• There’s a rumor that Court shot a nude scene for the foreign market version of the Hammer horror film The Man Who Could Cheat Death. This rumor was confirmed (well, half of it, at least) by Court herself in a 1990 interview where she admits to appearing topless. (Reported by CultSirens.com.) Fangoria’s obituary of Court states that her forthcoming autobiography “will include (at her insistence) a shot from her topless turn in The Man Who Could Cheat Death.”

  • Court’s second husband, actor/director Don Taylor, gave Elizabeth Taylor her first on-screen kiss.

  • Court sold her Santa Monica house to “Andy Summers of the rock band The Police.” (Quote from Moonshine Ink)

  • Court donated her husband Don Taylor’s papers to the Penn State Special Collections Library after his death:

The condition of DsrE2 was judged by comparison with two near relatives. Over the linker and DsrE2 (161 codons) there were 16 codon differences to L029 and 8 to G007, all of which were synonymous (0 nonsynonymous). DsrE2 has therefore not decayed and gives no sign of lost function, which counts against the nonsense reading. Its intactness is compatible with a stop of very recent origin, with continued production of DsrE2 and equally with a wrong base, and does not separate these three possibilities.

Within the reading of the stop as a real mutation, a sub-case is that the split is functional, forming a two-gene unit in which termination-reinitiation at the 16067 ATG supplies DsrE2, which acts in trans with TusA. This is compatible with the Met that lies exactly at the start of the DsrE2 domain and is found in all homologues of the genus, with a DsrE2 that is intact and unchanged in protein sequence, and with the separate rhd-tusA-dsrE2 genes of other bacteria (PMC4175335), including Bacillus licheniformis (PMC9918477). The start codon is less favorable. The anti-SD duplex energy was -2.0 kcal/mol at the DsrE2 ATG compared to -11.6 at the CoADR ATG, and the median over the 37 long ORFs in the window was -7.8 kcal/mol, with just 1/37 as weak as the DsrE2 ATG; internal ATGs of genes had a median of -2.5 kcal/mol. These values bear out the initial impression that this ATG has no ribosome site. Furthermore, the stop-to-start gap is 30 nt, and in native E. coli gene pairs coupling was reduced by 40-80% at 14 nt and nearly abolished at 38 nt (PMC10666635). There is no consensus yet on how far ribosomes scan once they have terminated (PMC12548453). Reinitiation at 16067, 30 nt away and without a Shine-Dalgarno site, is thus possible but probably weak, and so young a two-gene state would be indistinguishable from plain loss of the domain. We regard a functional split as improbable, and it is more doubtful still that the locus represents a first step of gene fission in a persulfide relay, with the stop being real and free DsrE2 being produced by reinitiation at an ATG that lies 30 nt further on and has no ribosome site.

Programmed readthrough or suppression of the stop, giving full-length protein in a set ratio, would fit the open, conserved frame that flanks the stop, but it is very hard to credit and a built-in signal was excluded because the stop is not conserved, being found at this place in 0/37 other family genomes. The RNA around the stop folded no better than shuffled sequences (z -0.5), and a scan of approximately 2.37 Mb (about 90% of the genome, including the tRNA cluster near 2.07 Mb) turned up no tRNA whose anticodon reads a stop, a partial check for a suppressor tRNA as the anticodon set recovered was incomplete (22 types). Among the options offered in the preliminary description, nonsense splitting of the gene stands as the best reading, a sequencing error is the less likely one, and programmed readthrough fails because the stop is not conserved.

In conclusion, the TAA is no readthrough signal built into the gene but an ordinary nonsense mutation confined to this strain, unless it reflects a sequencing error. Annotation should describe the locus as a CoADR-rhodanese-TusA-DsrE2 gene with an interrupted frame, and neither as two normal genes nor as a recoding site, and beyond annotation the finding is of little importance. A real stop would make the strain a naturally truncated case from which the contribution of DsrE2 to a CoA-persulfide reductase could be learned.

The collection contains shooting scripts for films and television movies that Don Taylor produced and/or directed in his later years, 1967-1988, and publicity and candid photographs from some of the films. In addition to the screenplay (several with handwritten changes by Taylor) some of the folders include staff, crew, and cast lists (some with salaries and social security numbers); shooting schedules; publicity biographies; production notes; sketches of sets; script breakdowns; action breakdowns scene-by-scene; location shots; and sheet music. Photographs consist of black-and-white publicity stills and black-and-white and color candid on-set shots of Don Taylor and the cast during production, plus a few title screen and credit shots.
    -- from http://www.libraries.psu.edu/speccolls/FindingAids/dtaylor.frame.html

  • Vincent Price encouraged and supported Court’s career as an artist. He bought her first painting.

  • In the U.K., Court was known as the “Hollywood Gothic Fox.”

  • Court reportedly still received around 100 pieces of fan mail a month, all of which she responded to herself.